Mississippi author Shelby Foote, best known for his three volume history of the American Civil War, was born in Greenville, Mississippi in November of 1916. In this episode, we revisit his oral history interview, conducted by Dr. Orley B. Caudill on March 4, 1975, at his home in Memphis.
Foote discusses growing up in Greenville, how everyone attended the same school and what they did for fun during the Great Depression. He was just five years old when his father passed away, leaving him and his mother alone. He recalls how his mother always supported his decisions and never said hurtful things.
Anticipating America’s entrance into WWII, Foote left college after two years, returned to Mississippi and joined the National Guard. He remembers writing his first novel while waiting to be deployed, and selling short stories to the Saturday Evening Post. He also talks about his style of writing, which he describes as a slow, deliberate process.
Mississippi author, Willie Morris, was living in Austin when he was offered a job as Editor of Harper’s Magazine. In this episode, he recalls his decision to move to New York and the magazine’s reputation at that time. When Morris took over as editor in 1967, circulation and revenues were down. He discusses the challenges of overseeing an older staff and his strategy to turn things around. Morris assumed he would be able to continue his career as a writer, even while working as an editor. He explains why the demands on a New York editor’s time made it impossible for him to write.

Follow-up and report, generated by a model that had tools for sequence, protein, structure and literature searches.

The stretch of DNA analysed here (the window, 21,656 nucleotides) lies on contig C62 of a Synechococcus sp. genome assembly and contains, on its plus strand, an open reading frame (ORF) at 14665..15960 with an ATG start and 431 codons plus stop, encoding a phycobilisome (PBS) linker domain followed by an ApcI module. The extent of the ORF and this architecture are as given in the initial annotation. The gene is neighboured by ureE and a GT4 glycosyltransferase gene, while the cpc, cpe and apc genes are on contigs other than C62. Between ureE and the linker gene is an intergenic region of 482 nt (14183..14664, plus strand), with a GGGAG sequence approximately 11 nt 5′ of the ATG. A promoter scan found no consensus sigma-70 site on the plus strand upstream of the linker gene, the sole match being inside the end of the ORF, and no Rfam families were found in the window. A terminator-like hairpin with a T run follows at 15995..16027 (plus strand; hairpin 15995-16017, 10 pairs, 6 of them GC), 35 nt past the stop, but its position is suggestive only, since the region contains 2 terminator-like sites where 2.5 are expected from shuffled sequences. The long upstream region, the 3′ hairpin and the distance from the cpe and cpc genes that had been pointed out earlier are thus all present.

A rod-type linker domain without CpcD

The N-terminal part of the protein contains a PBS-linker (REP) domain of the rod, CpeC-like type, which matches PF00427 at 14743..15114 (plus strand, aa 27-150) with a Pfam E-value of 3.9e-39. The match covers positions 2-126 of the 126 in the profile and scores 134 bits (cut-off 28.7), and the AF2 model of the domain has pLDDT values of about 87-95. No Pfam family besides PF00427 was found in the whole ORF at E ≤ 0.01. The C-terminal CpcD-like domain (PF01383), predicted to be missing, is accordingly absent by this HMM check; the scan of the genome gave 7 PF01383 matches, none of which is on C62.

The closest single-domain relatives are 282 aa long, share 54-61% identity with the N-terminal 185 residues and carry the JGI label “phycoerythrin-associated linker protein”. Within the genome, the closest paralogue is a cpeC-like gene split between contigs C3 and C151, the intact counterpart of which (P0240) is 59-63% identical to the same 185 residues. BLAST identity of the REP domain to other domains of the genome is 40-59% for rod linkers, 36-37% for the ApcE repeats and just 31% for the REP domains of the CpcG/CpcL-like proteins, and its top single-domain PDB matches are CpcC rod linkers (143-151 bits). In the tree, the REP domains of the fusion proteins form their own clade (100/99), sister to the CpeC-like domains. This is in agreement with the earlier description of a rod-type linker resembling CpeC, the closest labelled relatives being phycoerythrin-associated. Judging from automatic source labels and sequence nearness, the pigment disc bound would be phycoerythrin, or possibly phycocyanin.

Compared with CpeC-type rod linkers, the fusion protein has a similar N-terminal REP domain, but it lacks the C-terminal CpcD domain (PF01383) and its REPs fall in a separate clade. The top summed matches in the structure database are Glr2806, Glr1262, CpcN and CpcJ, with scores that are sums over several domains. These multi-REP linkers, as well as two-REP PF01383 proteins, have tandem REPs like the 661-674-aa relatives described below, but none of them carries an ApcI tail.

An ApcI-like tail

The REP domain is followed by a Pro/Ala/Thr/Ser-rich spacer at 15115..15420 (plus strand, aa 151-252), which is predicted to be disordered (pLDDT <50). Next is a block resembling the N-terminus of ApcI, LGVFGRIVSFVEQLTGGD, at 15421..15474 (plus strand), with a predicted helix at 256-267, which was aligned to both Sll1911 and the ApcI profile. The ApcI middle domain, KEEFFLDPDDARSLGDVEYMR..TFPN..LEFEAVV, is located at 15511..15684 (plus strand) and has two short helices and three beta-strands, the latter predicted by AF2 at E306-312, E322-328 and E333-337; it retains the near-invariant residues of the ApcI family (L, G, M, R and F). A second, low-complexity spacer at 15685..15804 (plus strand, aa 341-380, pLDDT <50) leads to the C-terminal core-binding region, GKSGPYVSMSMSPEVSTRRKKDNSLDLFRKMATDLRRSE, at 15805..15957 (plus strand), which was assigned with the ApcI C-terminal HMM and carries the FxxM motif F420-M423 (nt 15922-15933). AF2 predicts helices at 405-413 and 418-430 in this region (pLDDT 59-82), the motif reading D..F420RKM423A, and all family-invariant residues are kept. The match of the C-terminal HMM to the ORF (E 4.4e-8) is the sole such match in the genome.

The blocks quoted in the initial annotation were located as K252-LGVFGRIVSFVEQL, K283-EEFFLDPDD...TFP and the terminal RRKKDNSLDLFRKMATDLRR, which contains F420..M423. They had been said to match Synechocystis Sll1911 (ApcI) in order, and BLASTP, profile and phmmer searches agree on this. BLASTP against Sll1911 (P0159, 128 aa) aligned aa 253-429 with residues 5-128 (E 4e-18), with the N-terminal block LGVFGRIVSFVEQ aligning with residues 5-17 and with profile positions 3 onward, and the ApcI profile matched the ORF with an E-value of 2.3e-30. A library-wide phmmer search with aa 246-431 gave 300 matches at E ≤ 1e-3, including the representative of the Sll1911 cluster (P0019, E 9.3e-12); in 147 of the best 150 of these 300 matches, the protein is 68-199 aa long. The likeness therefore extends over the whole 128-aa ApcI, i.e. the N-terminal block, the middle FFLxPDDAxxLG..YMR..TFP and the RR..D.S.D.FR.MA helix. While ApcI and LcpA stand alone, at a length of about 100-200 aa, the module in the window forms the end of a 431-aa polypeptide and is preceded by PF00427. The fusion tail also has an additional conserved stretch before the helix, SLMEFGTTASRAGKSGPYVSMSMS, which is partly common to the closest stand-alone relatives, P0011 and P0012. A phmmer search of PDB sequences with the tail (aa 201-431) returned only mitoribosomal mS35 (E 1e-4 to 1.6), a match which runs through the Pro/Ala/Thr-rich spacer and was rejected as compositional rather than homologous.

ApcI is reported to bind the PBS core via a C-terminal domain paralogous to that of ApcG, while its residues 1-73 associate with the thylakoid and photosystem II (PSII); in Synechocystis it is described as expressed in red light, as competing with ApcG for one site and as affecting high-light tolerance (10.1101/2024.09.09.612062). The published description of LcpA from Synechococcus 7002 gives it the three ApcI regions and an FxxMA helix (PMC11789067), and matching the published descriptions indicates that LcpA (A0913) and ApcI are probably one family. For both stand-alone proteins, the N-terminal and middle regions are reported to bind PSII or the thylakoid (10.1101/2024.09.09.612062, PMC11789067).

Willie Morris looks back with pride on his time as the Editor of Harper’s. He reflects on the distinguished authors and journalists who contributed to the magazine’s successful return to its former glory and the role he played.
PHOTO: copyright David F. Morris.